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For seismological application, I am playing with an elliptical filter, and once I have both sets of feedback and feedforward co-efficients, how do I make it so that I can plot the frequency response of the system? Can I also use the same technique to make the frequency response for a bessel?

I know that I can take the FFT for an FIR filter and I can get its transfer function, but for a non-FIR, is there a way also using the FFT?

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Yes, you can always use the FFT to compute the frequency response of a discrete-time system at discrete frequencies. For an IIR filter you get the following transfer function:

$$H(z)=\frac{\sum_{m=0}^{M}b_mz^{-m}}{\sum_{n=0}^{N}a_nz^{-n}}\tag{1}$$

Usually, $a_0$ is normalized to 1. In order to evaluate $H(z)$ on the unit circle $z=e^{j\theta}$ you can compute the FFTs of the numerator and of the denominator of (1) separately and then divide to get the frequency response of the filter.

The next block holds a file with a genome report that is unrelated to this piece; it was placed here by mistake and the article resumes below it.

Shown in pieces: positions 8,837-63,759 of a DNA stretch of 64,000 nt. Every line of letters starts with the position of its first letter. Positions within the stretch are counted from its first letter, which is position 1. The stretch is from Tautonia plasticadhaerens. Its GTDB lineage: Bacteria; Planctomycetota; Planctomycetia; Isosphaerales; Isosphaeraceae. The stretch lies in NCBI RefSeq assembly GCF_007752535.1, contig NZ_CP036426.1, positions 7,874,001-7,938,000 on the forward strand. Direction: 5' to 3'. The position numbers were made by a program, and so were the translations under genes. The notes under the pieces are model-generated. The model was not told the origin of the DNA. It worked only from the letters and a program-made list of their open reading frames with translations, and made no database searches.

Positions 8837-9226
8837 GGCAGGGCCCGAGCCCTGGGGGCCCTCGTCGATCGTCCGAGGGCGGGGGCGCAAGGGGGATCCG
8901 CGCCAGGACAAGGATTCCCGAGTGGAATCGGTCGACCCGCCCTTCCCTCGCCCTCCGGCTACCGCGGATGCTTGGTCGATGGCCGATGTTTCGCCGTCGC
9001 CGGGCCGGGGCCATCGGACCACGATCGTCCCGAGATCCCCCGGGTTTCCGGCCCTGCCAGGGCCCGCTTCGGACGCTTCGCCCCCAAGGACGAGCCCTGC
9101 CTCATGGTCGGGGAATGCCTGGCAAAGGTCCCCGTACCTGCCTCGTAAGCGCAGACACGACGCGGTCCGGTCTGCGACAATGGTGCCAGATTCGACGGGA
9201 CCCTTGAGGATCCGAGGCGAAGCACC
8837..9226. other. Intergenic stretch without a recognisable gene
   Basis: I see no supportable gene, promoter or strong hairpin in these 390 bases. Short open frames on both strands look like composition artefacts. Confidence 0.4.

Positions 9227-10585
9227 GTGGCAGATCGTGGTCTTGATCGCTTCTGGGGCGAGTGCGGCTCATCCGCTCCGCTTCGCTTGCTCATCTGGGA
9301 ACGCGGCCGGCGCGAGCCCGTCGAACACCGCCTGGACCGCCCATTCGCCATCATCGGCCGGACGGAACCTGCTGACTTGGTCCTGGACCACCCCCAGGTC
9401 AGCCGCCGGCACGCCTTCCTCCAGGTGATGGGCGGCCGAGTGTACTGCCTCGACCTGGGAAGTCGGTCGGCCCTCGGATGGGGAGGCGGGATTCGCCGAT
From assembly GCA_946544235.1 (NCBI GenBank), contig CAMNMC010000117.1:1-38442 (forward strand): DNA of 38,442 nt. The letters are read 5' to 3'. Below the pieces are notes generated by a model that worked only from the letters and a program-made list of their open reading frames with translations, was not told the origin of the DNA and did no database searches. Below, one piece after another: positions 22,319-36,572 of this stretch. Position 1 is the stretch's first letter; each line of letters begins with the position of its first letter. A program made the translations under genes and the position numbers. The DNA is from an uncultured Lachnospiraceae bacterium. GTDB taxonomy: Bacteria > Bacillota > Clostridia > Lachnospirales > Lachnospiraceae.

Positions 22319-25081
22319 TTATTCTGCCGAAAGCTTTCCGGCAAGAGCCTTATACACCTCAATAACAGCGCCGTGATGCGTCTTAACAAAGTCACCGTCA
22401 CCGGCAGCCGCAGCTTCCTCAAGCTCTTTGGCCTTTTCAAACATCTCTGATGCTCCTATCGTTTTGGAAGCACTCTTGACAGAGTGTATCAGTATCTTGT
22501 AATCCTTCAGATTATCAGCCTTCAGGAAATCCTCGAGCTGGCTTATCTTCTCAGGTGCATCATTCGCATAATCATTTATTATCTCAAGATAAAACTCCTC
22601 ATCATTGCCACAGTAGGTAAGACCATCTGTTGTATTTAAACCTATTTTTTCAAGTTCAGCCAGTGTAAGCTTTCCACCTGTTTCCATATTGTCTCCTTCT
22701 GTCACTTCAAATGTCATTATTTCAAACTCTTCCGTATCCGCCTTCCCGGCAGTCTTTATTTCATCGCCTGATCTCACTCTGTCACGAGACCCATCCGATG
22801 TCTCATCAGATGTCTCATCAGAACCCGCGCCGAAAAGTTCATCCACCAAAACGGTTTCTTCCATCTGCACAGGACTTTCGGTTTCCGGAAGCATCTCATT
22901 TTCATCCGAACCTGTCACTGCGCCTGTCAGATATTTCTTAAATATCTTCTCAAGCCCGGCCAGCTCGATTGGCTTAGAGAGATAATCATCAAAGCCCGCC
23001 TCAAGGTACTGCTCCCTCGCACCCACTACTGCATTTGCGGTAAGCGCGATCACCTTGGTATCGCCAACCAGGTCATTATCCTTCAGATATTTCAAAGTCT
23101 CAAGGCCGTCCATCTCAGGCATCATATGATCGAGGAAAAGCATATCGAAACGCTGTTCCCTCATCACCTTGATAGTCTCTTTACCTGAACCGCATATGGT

If you use Matlab or Octave, you can simply use the command $\tt{freqz}$.

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  • $\begingroup$ Many thanks, also, if I have elliptical second order sections, then simply multiply the transfer functions of each section together? $\endgroup$ – TheGrapeBeyond Jun 4 '13 at 13:42
  • $\begingroup$ Yes, transfer functions of second-order sections can be multiplied to get the total transfer function. Please don't forget to accept the answer by clicking on the check-mark if it was useful for you. $\endgroup$ – Matt L. Jun 4 '13 at 14:27
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This is covered in pretty much every text book on digital signal processing. Try https://ccrma.stanford.edu/~jos/filters/ or http://www.eas.uccs.edu/wickert/ece2610/lecture_notes/ece2610_chap8.pdf for starters.

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